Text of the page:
VTune tells us that the first movss consumes 49% of our instructions in the backend. Why is that? Well, looking at the C code tells us that we’re dereferencing a tile pointer. If we remember in part 1, we got that tile pointer randomly. There’s no way the memory prefetcher could have guessed that we would access that tile and we’re stuck having to wait for that memory to be loaded into our registers.

There was a very simple solution to this problem that works because we know that the tile won’t be moving. We just cache the tile’s position in our move state instead of accessing the tile directly in our movement code.

```struct
{
Vec2 vel;
Vec2 tilePos;
Field_Tile* tile;
} moveState;
```

This simple change transformed our ai_tick function from being the slowest function to being faster than game_gen_instance_buffer (which we will look at in the future).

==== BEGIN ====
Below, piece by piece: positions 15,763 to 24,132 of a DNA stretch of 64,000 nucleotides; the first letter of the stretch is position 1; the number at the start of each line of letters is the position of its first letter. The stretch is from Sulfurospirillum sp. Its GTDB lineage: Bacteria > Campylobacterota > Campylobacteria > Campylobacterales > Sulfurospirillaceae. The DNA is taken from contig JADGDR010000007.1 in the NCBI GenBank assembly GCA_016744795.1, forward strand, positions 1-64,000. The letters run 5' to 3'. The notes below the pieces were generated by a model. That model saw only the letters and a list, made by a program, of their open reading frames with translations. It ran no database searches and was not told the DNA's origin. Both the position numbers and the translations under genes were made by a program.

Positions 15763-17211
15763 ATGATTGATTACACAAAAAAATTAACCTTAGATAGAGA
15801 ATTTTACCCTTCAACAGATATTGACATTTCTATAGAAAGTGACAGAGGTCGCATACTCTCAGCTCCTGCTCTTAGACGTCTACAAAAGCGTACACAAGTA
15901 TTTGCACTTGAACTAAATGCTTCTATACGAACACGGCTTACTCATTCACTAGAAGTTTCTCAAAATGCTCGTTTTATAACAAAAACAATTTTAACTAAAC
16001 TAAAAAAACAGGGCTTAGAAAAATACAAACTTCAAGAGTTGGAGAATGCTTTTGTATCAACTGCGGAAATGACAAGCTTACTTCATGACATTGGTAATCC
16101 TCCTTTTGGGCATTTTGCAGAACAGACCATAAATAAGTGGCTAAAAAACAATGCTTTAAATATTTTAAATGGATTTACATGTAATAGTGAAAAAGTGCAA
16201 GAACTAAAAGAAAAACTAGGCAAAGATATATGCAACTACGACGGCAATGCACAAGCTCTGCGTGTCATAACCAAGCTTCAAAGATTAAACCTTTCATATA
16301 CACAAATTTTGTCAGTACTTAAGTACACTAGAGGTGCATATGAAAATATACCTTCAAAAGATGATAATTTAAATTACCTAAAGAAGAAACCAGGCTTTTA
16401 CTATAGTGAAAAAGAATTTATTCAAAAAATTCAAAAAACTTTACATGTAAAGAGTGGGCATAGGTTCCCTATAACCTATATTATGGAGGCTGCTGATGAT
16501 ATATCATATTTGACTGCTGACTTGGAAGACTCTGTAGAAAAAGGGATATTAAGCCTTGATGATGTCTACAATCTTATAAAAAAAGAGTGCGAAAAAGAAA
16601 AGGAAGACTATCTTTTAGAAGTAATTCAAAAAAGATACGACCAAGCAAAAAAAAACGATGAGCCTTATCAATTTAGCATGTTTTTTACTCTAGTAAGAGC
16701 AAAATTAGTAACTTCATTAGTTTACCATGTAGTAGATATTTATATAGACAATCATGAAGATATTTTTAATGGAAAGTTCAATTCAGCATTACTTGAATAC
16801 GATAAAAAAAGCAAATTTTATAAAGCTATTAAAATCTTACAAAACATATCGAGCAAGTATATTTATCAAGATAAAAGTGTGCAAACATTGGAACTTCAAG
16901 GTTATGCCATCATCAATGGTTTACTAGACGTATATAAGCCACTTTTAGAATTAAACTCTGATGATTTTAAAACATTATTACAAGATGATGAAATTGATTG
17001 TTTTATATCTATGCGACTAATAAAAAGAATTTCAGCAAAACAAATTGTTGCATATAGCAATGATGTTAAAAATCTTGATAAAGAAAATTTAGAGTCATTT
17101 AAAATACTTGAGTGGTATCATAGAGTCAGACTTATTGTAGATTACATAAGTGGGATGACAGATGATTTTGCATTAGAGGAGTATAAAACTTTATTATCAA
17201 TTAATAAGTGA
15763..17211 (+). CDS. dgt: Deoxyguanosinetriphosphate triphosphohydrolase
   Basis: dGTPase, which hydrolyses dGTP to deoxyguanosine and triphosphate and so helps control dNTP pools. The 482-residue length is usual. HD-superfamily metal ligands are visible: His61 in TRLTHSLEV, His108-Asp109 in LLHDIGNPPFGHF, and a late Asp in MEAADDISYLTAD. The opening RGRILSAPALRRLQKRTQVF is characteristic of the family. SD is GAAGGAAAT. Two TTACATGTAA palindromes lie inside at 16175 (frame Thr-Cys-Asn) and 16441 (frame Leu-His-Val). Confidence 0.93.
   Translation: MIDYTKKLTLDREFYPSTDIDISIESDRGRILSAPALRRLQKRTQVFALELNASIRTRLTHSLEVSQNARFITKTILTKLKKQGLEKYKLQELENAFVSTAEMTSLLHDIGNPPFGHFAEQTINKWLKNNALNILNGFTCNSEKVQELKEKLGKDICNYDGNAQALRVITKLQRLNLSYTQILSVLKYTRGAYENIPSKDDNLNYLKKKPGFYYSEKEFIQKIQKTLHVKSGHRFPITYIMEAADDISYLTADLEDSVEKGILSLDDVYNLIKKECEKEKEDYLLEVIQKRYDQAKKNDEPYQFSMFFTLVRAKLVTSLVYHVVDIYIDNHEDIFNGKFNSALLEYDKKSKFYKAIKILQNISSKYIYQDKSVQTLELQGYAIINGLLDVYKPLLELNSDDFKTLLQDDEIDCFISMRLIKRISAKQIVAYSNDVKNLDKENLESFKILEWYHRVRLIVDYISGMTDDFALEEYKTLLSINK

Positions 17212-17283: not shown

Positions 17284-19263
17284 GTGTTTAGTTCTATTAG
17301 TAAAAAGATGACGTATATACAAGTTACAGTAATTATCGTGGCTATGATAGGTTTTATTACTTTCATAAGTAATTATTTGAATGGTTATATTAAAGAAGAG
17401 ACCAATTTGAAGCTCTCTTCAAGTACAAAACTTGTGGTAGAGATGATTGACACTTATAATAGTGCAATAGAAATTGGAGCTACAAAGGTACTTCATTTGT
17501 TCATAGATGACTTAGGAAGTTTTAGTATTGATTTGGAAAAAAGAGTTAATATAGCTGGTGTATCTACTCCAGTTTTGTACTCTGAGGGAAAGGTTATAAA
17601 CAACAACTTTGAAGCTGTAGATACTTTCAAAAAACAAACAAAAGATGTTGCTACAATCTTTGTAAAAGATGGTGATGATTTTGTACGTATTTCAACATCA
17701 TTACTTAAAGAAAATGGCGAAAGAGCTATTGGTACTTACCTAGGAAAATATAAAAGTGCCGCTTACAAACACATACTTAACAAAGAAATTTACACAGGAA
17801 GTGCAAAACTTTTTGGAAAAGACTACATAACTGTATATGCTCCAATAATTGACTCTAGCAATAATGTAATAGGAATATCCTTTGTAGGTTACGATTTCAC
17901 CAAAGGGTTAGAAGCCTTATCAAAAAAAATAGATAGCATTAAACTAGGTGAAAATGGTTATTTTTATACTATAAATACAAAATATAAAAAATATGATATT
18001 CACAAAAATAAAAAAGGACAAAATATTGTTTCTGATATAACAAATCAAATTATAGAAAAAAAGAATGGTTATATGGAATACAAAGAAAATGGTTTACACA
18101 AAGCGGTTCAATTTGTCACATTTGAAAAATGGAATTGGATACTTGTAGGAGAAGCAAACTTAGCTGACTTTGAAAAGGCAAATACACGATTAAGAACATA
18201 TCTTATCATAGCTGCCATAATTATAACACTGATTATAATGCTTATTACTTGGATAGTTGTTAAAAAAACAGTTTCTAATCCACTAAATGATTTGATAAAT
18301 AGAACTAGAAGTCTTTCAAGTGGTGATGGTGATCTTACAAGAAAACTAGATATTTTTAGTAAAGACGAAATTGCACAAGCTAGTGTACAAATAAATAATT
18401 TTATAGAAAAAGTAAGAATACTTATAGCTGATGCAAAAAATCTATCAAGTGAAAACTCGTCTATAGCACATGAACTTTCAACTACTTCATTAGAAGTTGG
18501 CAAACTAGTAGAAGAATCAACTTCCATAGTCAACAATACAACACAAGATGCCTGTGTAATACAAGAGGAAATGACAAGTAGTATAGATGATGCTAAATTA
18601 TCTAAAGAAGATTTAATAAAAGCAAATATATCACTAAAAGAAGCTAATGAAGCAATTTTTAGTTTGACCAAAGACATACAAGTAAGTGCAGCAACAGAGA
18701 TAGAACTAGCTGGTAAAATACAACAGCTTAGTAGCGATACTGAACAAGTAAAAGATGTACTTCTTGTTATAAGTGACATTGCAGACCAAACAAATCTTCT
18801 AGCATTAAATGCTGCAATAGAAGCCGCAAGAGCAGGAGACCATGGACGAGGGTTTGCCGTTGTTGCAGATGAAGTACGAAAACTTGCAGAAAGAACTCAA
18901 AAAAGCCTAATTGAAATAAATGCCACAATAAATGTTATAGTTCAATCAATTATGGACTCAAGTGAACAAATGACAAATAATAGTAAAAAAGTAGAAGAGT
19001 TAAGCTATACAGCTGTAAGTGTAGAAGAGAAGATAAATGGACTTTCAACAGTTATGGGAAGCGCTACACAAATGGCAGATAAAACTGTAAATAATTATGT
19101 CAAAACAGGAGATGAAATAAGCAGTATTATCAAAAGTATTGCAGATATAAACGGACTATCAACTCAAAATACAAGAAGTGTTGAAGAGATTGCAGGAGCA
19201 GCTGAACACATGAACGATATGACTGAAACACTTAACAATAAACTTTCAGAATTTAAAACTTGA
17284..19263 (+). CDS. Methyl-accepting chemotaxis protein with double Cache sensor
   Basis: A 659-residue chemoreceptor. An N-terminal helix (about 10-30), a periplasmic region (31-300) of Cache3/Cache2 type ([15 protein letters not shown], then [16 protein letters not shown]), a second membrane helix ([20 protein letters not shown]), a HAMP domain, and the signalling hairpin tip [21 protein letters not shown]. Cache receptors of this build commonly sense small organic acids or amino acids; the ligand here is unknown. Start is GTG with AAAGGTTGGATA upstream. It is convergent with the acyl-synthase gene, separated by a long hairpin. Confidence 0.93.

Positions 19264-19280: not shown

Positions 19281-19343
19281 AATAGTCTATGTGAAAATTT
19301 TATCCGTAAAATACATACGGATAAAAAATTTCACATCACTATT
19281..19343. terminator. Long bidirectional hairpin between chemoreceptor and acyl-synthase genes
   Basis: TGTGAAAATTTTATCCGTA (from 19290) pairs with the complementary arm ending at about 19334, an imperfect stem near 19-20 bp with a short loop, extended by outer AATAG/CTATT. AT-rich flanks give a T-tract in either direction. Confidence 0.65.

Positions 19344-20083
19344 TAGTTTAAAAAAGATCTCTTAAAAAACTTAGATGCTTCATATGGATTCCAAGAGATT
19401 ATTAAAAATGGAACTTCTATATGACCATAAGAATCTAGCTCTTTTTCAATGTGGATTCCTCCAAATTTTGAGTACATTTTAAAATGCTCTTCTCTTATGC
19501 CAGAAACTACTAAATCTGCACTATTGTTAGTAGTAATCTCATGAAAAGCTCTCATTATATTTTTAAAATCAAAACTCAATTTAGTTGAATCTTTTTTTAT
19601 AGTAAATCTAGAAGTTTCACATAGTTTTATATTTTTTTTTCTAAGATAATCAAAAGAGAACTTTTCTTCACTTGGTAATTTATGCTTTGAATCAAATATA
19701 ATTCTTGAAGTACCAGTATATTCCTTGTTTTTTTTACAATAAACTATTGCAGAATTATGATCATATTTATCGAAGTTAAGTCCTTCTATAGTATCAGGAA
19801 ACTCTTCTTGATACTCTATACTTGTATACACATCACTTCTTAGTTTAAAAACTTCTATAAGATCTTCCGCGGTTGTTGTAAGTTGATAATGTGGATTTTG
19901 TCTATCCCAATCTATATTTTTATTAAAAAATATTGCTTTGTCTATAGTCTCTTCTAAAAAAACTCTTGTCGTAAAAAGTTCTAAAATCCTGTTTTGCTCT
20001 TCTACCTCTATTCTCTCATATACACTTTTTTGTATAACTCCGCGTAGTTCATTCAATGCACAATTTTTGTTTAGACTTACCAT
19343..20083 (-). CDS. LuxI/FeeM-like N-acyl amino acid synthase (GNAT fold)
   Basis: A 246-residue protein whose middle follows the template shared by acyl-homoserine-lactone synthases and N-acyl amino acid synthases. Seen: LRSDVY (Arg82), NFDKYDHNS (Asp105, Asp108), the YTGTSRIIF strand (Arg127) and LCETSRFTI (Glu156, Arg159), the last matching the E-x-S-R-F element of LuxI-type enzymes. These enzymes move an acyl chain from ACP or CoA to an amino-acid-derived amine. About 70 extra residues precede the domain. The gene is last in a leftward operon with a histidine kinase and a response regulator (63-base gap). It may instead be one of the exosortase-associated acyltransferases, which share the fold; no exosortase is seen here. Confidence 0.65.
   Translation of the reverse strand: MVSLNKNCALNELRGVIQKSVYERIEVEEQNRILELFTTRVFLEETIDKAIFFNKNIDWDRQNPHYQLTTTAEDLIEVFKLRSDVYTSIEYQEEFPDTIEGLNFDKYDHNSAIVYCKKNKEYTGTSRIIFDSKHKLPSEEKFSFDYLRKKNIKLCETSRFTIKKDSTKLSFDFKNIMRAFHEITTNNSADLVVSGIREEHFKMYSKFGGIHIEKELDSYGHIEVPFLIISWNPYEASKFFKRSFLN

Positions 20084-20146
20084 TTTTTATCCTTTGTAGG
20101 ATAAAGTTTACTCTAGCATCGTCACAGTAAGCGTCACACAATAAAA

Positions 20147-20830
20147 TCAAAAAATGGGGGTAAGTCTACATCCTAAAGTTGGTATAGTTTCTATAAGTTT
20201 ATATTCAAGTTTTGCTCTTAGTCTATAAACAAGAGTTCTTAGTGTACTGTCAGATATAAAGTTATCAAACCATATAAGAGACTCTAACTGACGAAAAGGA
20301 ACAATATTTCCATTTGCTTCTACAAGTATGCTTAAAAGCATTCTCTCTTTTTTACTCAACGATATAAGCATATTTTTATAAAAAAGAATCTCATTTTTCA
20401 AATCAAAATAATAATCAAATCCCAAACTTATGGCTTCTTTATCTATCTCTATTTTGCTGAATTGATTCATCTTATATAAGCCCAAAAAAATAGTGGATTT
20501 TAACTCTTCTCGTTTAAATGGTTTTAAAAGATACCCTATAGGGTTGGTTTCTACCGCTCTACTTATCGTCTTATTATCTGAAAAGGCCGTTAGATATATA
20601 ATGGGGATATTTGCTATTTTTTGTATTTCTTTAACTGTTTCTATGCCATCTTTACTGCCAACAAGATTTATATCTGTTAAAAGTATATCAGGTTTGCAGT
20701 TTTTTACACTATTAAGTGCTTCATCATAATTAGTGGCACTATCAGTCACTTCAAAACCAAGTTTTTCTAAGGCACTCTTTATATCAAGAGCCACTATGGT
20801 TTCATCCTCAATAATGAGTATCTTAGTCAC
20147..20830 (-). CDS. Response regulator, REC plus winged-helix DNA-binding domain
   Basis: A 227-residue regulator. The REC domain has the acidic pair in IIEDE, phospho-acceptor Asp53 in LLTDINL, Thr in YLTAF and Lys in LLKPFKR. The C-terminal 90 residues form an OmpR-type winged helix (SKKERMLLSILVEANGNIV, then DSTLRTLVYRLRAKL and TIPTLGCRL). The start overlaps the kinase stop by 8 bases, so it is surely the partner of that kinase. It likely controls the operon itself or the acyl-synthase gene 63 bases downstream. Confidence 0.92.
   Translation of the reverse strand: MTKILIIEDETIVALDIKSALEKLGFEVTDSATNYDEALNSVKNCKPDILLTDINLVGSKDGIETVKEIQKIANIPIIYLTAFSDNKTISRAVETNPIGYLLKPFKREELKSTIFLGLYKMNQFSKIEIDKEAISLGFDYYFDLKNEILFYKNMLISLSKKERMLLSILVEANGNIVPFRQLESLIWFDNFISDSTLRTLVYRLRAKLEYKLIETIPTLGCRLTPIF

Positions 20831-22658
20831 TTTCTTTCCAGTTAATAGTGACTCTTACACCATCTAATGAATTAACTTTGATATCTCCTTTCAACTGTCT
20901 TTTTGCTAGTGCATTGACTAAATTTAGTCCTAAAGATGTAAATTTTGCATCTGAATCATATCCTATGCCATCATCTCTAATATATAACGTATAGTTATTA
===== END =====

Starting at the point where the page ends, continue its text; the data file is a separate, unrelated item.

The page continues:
Looking at our original snapshot, we used to be 79% backend bound for ai_tick and now we’re 63% and only taking 17s instead of 24s.

A quick run through chrome://tracing and we see that our average tick dropped from 42ms to 30ms! 30ms is 71% of our original 42ms; our ai_tick also dropped from 25ms to 11ms. That’s 44% of our original 25ms! Our ai_tick is now running 2x faster than our original benchmark simply by changing our memory access patterns.

However, there’s a trade-off to this caching. Now our structure has grown by 8 more bytes. It’s now standing at 40 bytes per farmer.

Link to this change is here.

### More effort

If we take a look at the VTune sample, we notice that game_gen_instance buffers has become our slowest function. However, we’ll ignore it for now and keep hacking away at the ai_tick function.

This next optimization will be more work than the previous two. We’re going to split the AI_Farmer structure in 3, one for each state. Once these structures are created, we’re going to store them in seperate buffers. There are many reasons for doing this: